Europe is watching with bated breath the ongoing developments in Paris after the sweeping victory of far-right Rassemblement national (RN) in the EU elections, prompted President Emmanuel Macron to call for snap parliamentary elections on 30 June and 7 July.

The country’s political establishment is exploring ways to halt the rise of the far right while the rest of Europe is on alert to see what is next for the bloc’s founding member and second-largest economy.

On the left, La France insoumise (LFI, The Left), the Parti socialiste (PS, S&D), les Écologistes-EELV (EELV, the Greens) and the Parti communiste (PC) – decided to form a coalition under the name “Front populaire”.

But a similar bid by the country’s far-right factions did not have the same outcome.

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Euractiv’s Théo Bourgery-Gonse analysed why a union of far-right parties, Jordan Bardella’s Rassemblement national (RN) and Eric Zemmour’s Reconquête, did not come to fruition.

Meanwhile, the French right-wing Les Républicains caused shockwaves on Tuesday after their chief, Éric Ciotti, started to forge closer ties with RN.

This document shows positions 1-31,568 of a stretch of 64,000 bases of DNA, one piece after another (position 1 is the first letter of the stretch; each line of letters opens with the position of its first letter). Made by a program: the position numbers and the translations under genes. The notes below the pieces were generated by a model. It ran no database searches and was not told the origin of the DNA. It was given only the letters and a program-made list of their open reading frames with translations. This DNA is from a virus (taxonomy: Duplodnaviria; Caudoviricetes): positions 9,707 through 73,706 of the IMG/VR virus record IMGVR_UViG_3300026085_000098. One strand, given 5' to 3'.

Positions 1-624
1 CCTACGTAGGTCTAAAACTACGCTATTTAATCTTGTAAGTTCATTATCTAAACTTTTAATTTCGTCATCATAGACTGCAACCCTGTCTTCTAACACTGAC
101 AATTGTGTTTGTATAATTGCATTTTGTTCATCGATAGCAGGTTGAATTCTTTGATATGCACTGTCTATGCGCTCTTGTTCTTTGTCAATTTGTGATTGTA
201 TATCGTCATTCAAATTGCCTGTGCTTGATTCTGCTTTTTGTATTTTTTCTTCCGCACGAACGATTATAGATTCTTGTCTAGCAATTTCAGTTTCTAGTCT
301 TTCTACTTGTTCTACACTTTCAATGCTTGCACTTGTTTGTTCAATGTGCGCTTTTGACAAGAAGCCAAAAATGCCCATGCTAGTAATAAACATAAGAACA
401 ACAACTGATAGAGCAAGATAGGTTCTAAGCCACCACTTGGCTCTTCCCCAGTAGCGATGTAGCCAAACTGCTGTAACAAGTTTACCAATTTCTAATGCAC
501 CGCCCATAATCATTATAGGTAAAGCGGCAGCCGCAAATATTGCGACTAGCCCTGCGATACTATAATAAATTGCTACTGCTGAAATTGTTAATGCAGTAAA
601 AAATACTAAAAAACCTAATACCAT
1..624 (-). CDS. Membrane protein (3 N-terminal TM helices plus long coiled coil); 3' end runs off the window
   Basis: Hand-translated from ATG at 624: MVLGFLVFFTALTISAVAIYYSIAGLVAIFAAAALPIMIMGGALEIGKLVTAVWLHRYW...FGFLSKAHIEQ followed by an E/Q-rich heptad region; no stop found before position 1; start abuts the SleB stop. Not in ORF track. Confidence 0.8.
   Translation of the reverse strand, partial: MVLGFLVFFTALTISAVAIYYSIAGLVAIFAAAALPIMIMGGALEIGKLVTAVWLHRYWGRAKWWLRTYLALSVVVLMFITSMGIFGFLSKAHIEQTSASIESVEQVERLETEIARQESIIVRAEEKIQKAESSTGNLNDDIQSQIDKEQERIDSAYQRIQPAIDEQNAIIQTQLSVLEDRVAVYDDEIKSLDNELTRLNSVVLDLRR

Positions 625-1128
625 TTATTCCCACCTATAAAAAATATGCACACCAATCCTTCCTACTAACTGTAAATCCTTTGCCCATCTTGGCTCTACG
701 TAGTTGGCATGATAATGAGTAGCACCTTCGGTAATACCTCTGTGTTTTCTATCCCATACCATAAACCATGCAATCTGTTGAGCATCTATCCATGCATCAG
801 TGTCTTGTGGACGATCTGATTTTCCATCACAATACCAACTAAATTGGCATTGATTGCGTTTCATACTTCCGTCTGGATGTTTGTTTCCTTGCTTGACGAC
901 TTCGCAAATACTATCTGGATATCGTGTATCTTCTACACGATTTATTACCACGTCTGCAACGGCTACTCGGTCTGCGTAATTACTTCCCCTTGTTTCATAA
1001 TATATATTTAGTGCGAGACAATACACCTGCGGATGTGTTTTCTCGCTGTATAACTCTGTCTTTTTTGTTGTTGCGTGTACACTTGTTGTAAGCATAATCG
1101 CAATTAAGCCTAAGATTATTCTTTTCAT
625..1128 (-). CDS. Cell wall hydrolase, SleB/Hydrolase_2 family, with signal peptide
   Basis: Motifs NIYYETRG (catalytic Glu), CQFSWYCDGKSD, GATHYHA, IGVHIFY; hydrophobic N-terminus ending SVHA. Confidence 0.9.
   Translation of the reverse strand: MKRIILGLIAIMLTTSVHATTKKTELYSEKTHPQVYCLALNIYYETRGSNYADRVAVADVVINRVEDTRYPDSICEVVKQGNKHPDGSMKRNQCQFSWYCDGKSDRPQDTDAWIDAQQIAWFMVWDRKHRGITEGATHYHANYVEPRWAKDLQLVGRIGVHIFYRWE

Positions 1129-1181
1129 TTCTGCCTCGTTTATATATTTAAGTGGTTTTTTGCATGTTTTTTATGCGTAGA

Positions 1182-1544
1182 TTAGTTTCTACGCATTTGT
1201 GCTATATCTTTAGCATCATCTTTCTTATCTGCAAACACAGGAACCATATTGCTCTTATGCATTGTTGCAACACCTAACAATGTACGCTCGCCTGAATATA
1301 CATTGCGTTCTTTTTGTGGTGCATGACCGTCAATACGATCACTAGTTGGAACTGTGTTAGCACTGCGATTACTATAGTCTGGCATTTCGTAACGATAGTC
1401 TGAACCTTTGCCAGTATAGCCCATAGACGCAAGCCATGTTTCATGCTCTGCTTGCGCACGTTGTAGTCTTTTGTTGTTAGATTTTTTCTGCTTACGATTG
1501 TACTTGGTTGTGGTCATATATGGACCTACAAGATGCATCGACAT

The move caused friction among Les Républicains, who belong to the centre-right European People’s Party (EPP). First to oppose was the party’s lead candidate, François-Xavier Bellamy.

Hugo Struna and Paul Messad explain the divisions within the party.

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But Ciotti’s intentions raised the alarm in Berlin and Brussels, too.

The centre-right CDU/CSU, the largest member in the EPP, threatened to kick Les Républicains out from their common EU party, writes Oliver Noyan.

In Brussels, relations between the EPP and Les Républicains have not been easy lately, especially after the French right party opposed Ursula von der Leyen’s candidacy for the EU elections.

“We are waiting for the dust to settle, and then we will make the necessary decisions”, an EPP official in Brussels told Euractiv, adding that teaming up with RN is a move “going too far”.

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